In a decision seemingly born from label-related frustrations – this album was first due out in 2008 – Big Boi leaked two tracks of originally intended for Sir Lucious Left Foot prior to the album’s release, in ‘Royal Flush’ (featuring Raekwon and Andre 3000) and ‘Sumthin’s Gotta Give’ (featuring Mary J. Blige). A slew of pre-release singles would follow, including ‘Shine Blockas’ (featuring Gucci Mane), ‘For Yo Sorrows’ (featuring George Clinton and Too $hort), and ‘General Patton’ (featuring Big Rube). All of which might seem like overkill  if it weren’t for the monster lead single proper ‘Shutterbugg’ (featuring Cutty).

    Full archived review at The Vine. More Big Boi on MySpace; music video for ‘Shutterbugg‘ embedded below. For mine, this is a real contender for album of the year. I don’t get into most hip-hop, but this is outstanding.

  • The Vine album review: The Boat People – ‘Dear Darkly’, July 2010

    An album review for The Vine.

    'Dear Darkly' album cover by Brisbane/Melbourne band The Boat PeopleThe Boat PeopleDear Darkly

    Over three decades ago, a pair of aspiring Brisbane musicians set down two rules that they’d follow throughout their long partnership: they were to equally share the amount of songs that appeared on each album between themselves, and they’d never do anything without the other’s permission. That pair was Robert Forster and Grant McLennan, who founded seminal pop band The Go-Betweens in 1978. In 2010, whether conscious or not, another pair of Brisbane pop writers – James O’Brien and Robin Waters – have tapped into this same ethos for their band The Boat People’s third album, Dear Darkly. Like every Go-Betweens album, they touch upon romance and melancholy in equal measure. And like every Go-Betweens album, Dear Darkly consistently errs on the side of greatness.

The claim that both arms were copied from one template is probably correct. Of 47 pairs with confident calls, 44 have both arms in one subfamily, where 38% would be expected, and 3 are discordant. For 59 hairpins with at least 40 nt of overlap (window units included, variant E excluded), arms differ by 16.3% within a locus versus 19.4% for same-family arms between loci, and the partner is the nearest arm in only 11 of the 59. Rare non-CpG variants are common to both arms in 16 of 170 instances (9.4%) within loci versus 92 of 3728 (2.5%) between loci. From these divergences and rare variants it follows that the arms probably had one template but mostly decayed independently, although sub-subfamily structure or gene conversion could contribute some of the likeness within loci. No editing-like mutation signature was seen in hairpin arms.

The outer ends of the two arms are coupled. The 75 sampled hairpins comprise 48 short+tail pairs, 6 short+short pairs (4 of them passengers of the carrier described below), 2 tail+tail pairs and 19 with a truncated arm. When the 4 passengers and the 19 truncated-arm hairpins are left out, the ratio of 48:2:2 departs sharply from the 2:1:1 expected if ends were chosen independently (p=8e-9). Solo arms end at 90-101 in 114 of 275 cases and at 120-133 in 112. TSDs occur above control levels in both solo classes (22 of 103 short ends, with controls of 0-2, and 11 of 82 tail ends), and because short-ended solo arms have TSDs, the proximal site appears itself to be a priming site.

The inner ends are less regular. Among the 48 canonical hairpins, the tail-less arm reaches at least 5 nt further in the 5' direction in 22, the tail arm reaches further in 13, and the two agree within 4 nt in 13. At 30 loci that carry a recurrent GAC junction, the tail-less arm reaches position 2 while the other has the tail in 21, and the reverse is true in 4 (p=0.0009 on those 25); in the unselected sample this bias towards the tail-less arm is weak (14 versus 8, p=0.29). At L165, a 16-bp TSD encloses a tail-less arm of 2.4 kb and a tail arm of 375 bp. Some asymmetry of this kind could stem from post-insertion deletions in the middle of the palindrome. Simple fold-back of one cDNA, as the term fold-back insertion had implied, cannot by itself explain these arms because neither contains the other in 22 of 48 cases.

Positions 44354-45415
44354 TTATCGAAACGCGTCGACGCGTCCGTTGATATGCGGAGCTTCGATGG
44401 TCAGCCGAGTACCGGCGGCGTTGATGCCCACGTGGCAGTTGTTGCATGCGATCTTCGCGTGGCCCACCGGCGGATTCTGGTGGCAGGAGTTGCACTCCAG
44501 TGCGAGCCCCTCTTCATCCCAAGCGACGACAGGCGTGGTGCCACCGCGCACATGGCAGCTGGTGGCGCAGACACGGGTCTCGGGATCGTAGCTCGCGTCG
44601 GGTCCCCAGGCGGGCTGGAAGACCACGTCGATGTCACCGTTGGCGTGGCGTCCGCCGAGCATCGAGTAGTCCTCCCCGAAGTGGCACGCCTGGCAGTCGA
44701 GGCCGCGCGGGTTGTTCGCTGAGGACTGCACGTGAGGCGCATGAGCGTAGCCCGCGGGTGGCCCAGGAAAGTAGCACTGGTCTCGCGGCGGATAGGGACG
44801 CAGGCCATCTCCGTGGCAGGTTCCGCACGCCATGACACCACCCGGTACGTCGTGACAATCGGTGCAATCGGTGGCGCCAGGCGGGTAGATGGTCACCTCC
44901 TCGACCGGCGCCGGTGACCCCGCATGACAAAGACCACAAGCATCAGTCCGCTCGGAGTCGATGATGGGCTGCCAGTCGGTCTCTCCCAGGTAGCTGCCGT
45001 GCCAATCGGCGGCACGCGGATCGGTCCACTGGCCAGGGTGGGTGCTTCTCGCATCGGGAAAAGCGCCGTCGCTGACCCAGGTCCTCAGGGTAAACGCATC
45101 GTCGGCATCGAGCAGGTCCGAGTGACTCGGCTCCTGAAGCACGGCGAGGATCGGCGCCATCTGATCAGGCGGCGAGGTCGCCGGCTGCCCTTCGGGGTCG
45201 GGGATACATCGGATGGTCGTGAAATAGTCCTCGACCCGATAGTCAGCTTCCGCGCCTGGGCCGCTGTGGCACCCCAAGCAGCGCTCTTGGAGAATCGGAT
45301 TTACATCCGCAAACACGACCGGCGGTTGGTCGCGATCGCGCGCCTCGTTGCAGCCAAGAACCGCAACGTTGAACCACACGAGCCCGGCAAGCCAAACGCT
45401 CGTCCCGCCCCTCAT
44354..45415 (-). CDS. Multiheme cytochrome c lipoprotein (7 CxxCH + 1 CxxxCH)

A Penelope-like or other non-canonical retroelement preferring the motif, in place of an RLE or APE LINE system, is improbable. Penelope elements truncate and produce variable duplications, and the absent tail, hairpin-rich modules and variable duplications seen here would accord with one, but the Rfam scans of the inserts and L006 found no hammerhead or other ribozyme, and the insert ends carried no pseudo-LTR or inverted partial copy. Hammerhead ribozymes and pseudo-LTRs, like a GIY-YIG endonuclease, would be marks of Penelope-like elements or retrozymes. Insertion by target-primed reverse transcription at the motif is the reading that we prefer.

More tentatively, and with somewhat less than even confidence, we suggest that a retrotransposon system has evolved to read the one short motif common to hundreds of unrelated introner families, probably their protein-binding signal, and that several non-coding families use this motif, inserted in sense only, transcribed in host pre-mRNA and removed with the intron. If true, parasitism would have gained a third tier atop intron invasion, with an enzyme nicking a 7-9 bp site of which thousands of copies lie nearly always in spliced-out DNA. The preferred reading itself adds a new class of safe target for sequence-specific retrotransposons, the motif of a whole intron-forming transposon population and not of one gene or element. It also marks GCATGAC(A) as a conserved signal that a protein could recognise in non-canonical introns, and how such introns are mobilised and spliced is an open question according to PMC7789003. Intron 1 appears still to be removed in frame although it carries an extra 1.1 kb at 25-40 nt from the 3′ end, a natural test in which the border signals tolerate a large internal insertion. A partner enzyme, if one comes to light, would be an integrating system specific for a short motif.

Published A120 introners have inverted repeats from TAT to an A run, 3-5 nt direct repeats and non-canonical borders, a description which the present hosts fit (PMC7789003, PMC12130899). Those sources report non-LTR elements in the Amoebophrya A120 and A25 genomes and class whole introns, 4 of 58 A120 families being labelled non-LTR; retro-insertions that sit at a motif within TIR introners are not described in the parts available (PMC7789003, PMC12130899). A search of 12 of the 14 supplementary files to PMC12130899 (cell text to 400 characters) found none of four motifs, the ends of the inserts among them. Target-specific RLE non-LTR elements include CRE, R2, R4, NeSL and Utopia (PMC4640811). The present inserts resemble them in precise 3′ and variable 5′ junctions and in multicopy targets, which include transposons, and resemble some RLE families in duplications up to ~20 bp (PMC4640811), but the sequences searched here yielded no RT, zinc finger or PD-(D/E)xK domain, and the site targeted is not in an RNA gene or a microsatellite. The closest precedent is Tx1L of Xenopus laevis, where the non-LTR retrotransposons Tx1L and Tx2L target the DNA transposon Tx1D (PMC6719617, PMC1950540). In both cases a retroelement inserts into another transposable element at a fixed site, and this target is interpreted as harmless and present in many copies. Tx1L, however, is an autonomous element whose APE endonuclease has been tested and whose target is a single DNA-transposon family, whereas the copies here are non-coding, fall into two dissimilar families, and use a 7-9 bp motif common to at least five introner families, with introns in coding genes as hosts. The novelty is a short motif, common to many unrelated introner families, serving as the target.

Augmented by guitarist Charles Dugan and drummer Tony Garrett, the duo each author six songs on an album that exhibits the best work of their decade-long career. Though their last LP, 2008’s Chandeliers, was subject to a three-year gestation process, they’ve opted to work faster this time around. The result is their most eclectic collection to date.

    Full review at The Vine. More Boat People on their MySpace. Music video for ‘Soporific‘ is embedded below.

  • The Vine album review: Dead Letter Circus – ‘This Is The Warning’, June 2010

    An album review for The Vine. Excerpt below.

    Dead Letter Circus - This Is The Warning album coverDead Letter CircusThis Is The Warning

    Three bands define Australian hard rock: Karnivool, The Butterfly Effect, and Cog. It’s nigh on impossible to discuss Brisbane quartet Dead Letter Circus without referring to the current scene’s pioneering figures. In the context of those bands, it’s perfectly reasonable to wonder aloud: is DLC’s debut full-length a contender to Karnivool’s stellar 2005 debut, Themata? Does it stack up to The Butterfly Effect’s first LP, Begins Here? Can it be favourably compared to Cog’s The New Normal? The answers, respectively: it’s not, it doesn’t, and it can’t. It’s far from a trainwreck, but on the whole, it’s consistently disappointing.